Don’t Write Off the ContextLogic-Wish IPO As a Flop
If someone wanted to prove that not every initial public offering in 2020 was an immediate success, they would only need to point to the ContextLogic (NASDAQ:WISH) IPO and the subsequent price performance of WISH stock.
As the stock ticker symbol implies, ContextLogic is the parent company of Wish. Since Wish is a discount e-commerce platform, and since high-profile IPO’s in 2020 generally did well, you’d think that WISH stock should have rocketed upward. Right?
Well, it’s funny how the market likes to dash people’s expectations. Even on its first day of public trading, WISH stock wasn’t a huge hit. Indeed, the sellers seemed to control the price actions on that day.
Not only that, but WISH stock tested the patience of loyal shareholders after that first trading day. So, does this mean that it’s time to cut and run? Or, can we find reasons to stay the course in anticipation of a late-game grand slam?
An Underwhelming Start for WISH Stock
To begin, let’s rewind and look back upon WISH stock’s brief and perhaps disappointing journey.
On Dec. 15, the company raised an impressive $1.1 billion by selling 46 million shares of WISH stock at $24 apiece. This represented the upper end of the $22 to $24 price range established earlier.
In hindsight, it might have been an error for ContextLogic to start WISH stock at the upper end of that range. Sure, it helped the company to rake in more capital in the beginning.
On the other hand, it appears that the market generally didn’t agree that the shares were worth $24 each. Thus, on Dec. 16, WISH stock opened at $22.75, fell to a low of $19.48 and closed out the trading session at $20.05.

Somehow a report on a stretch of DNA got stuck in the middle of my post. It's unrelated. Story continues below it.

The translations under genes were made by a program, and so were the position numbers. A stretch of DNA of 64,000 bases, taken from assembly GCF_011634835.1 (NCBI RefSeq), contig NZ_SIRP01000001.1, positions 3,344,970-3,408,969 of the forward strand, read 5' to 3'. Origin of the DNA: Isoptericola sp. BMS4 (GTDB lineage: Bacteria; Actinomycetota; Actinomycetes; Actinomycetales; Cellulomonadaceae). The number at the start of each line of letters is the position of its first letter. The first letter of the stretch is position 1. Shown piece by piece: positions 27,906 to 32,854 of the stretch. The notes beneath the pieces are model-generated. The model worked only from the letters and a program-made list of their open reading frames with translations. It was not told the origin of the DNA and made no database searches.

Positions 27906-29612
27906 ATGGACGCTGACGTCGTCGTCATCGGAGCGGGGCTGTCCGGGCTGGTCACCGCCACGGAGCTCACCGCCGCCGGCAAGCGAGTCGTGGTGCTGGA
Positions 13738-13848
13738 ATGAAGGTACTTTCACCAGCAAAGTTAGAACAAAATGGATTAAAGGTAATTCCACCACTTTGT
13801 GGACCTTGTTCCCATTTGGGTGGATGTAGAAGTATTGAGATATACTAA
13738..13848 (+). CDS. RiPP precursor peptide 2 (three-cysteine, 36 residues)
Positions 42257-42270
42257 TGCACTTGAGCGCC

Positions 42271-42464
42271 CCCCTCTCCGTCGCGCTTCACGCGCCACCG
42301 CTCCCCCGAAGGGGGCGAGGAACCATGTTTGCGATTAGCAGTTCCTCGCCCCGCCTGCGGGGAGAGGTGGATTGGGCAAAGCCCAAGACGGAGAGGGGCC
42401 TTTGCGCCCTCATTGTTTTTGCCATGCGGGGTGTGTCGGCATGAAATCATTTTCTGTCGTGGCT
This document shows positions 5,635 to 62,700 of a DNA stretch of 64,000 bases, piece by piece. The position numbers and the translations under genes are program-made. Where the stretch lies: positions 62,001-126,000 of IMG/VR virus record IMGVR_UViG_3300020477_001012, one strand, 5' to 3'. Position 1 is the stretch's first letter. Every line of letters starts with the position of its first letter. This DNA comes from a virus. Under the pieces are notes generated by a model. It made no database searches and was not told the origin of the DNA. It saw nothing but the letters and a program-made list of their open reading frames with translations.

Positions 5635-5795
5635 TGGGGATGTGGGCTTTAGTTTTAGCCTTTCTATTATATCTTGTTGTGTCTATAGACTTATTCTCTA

That’s not an encouraging start, as it represented a loss of 16.5% for that first day. Interestingly, more than 80 companies have gone public in the U.S. since 1995 with a valuation of more than $10 billion. WISH stock was one of only 14 companies in that group to fall on its first trading day.
Things didn’t improve in the following weeks, unfortunately. As of Jan. 11, WISH stock was trading at $19.61. So, the bulls will have to work harder if they’re going to at least reclaim the IPO price.
So, what the heck happened? Isn’t e-commerce a red-hot sector? And, doesn’t everybody like a discount?
Of course, there’s still a market for what Wish offers. I suspect that too-high expectations among IPO investors in 2020 are what hurt WISH stock the most.
University of Florida finance professor Jay Ritter’s call for realistic expectations should be heeded by overeager traders.
“Even when there’s a very hot IPO market, that doesn’t mean everything jumps up… It looks like the investors have decided that the valuation got a bit ahead of itself,” Ritter said.
A Huge, Underserved Demographic
Actually, it could be quite bullish if people view WISH stock as a flop. At least now, the share price is lower and the hype-and-disappointment phase is in the rear-view mirror.
Besides, Wish still can still go about its business of offering online shopping options at low prices. It’s basically like an online version of a dollar store – not a bad business to be in during these challenging times.
Founder and CEO Peter Szulczewski, as we would expect, prefers to highlight the positive aspects of Wish’s business model.
“We focus on delivering as much value for our consumers as possible, and that’s served us well… We believe this is an underserved demographic,” explains Szulczewski.
This demographic appears to be both underserved and massive, as Wish has more than 100 million monthly active users in over 100 countries.
The Bottom Line
Was WISH stock a flop among 2020’s IPO’s? I suppose that it was, but a lower share price isn’t the same as a bad business model.
With a strong user base, Wish could flourish and generate strong revenue going forward. And if that happens, a turnaround in WISH stock could follow.
On the date of publication, David Moadel did not have (either directly or indirectly) any positions in the securities mentioned in this article.
David Moadel has provided compelling content – and crossed the occasional line – on behalf of Crush the Street, Market Realist, TalkMarkets, Finom Group, Benzinga, and (of course) InvestorPlace.com. He also serves as the chief analyst and market researcher for Portfolio Wealth Global and hosts the popular financial YouTube channel Looking at the Markets.